Relevant Issues (6 of 26)
Why are some issues greyed out?The SASB Standards vary by industry based on the different sustainability-related risks and opportunities within an industry. The issues in grey were not identified during the standard-setting process as the most likely to be useful to investors, so they are not included in the Standard. Over time, as the ISSB continues to receive market feedback, some issues may be added or removed from the Standard. Each company determines which sustainability-related risks and opportunities are relevant to its business. The Standard is designed for the typical company in an industry, but individual companies may choose to report on different sustainability-related risks and opportunities based on their unique business model.
GHG EmissionsThe category addresses direct (Scope 1) greenhouse gas (GHG) emissions that a company generates through its operations. This includes GHG emissions from stationary (e.g., factories, power plants) and mobile sources (e.g., trucks, delivery vehicles, planes), whether a result of combustion of fuel or non-combusted direct releases during activities such as natural resource extraction, power generation, land use, or biogenic processes. The category further includes management of regulatory risks, environmental compliance, and reputational risks and opportunities, as they related to direct GHG emissions. The seven GHGs covered under the Kyoto Protocol are included within the category—carbon dioxide (CO2), methane (CH4), nitrous oxide (N2O), hydrofluorocarbons (HFCs), perfluorocarbons (PFCs), sulfur hexafluoride (SF6), and nitrogen trifluoride (NF3).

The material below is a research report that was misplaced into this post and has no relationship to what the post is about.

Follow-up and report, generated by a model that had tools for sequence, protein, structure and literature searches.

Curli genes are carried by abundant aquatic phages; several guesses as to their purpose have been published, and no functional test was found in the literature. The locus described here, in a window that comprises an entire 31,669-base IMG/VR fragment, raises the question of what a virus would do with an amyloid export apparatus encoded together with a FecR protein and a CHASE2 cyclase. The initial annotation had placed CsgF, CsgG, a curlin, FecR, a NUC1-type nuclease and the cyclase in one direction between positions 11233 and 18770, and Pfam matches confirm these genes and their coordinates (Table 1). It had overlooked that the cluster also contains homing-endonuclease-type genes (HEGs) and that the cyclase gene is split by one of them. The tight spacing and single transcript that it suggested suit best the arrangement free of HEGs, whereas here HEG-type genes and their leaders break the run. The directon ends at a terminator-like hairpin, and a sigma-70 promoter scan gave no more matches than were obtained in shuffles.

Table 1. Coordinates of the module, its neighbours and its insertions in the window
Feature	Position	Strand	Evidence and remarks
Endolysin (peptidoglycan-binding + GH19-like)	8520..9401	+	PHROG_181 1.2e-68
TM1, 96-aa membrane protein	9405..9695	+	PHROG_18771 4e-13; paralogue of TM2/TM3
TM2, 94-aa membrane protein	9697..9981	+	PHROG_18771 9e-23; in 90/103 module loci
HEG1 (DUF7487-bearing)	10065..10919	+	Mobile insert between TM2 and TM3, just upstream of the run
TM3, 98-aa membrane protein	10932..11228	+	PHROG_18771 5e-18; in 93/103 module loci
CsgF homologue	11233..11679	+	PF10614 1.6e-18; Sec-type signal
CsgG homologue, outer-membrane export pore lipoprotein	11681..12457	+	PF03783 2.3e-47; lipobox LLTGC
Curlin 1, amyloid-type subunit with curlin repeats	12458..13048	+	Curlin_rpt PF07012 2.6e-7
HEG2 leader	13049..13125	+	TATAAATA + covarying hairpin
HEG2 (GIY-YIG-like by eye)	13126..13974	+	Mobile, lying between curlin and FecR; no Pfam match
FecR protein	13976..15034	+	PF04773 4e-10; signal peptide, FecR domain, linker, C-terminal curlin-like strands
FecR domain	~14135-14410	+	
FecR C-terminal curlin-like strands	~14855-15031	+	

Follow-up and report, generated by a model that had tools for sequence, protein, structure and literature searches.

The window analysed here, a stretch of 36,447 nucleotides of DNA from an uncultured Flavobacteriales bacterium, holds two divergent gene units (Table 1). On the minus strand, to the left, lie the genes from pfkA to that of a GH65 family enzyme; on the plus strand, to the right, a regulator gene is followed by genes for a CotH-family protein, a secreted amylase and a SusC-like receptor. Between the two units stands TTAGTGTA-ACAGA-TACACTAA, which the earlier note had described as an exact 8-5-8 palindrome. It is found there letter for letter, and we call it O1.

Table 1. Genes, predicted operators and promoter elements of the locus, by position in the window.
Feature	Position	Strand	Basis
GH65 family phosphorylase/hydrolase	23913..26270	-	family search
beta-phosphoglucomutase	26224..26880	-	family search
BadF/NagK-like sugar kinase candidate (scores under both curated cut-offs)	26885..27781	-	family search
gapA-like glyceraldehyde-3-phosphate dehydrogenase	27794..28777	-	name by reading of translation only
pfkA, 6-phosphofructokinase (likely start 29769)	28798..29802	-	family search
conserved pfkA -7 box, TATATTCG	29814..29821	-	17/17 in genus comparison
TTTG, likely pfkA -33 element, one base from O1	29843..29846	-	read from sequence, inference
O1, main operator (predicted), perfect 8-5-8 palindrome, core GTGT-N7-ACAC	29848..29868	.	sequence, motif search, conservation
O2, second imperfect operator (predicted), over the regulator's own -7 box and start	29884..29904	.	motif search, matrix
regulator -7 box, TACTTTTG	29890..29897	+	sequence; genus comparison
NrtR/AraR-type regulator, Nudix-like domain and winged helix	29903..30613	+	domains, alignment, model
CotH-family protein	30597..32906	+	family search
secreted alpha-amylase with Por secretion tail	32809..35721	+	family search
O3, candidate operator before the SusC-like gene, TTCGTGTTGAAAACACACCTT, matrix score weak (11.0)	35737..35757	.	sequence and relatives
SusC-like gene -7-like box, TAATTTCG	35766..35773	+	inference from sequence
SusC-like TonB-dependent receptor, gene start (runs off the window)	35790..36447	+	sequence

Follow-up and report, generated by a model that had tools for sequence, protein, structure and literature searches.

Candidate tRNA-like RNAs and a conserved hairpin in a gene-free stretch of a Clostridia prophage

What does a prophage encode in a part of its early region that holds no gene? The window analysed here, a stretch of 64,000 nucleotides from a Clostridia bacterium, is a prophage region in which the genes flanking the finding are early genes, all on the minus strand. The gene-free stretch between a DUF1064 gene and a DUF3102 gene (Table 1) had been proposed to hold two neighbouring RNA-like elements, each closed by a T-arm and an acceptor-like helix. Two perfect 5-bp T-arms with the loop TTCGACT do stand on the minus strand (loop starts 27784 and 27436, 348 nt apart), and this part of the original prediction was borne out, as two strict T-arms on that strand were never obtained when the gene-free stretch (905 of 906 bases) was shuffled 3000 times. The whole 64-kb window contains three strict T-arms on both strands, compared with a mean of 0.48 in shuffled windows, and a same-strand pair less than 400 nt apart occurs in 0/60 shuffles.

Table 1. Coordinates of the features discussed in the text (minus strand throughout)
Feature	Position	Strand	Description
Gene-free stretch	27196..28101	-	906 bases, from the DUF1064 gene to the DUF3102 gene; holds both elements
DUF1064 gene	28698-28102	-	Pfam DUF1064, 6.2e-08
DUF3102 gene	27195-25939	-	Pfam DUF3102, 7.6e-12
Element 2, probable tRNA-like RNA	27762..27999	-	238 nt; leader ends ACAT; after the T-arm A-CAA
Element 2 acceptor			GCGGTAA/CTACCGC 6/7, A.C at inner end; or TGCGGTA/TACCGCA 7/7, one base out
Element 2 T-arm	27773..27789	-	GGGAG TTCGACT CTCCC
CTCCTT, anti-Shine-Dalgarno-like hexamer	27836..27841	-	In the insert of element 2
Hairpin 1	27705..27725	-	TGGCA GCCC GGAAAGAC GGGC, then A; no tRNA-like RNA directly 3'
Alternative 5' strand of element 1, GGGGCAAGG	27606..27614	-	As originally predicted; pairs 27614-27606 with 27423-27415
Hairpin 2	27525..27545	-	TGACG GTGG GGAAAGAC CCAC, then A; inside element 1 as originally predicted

Air QualityThe category addresses management of air quality impacts resulting from stationary (e.g., factories, power plants) and mobile sources (e.g., trucks, delivery vehicles, planes) as well as industrial emissions. Relevant airborne pollutants include, but are not limited to, oxides of nitrogen (NOx), oxides of sulfur (SOx), volatile organic compounds (VOCs), heavy metals, particulate matter, and chlorofluorocarbons. The category does not include GHG emissions, which are addressed in a separate category.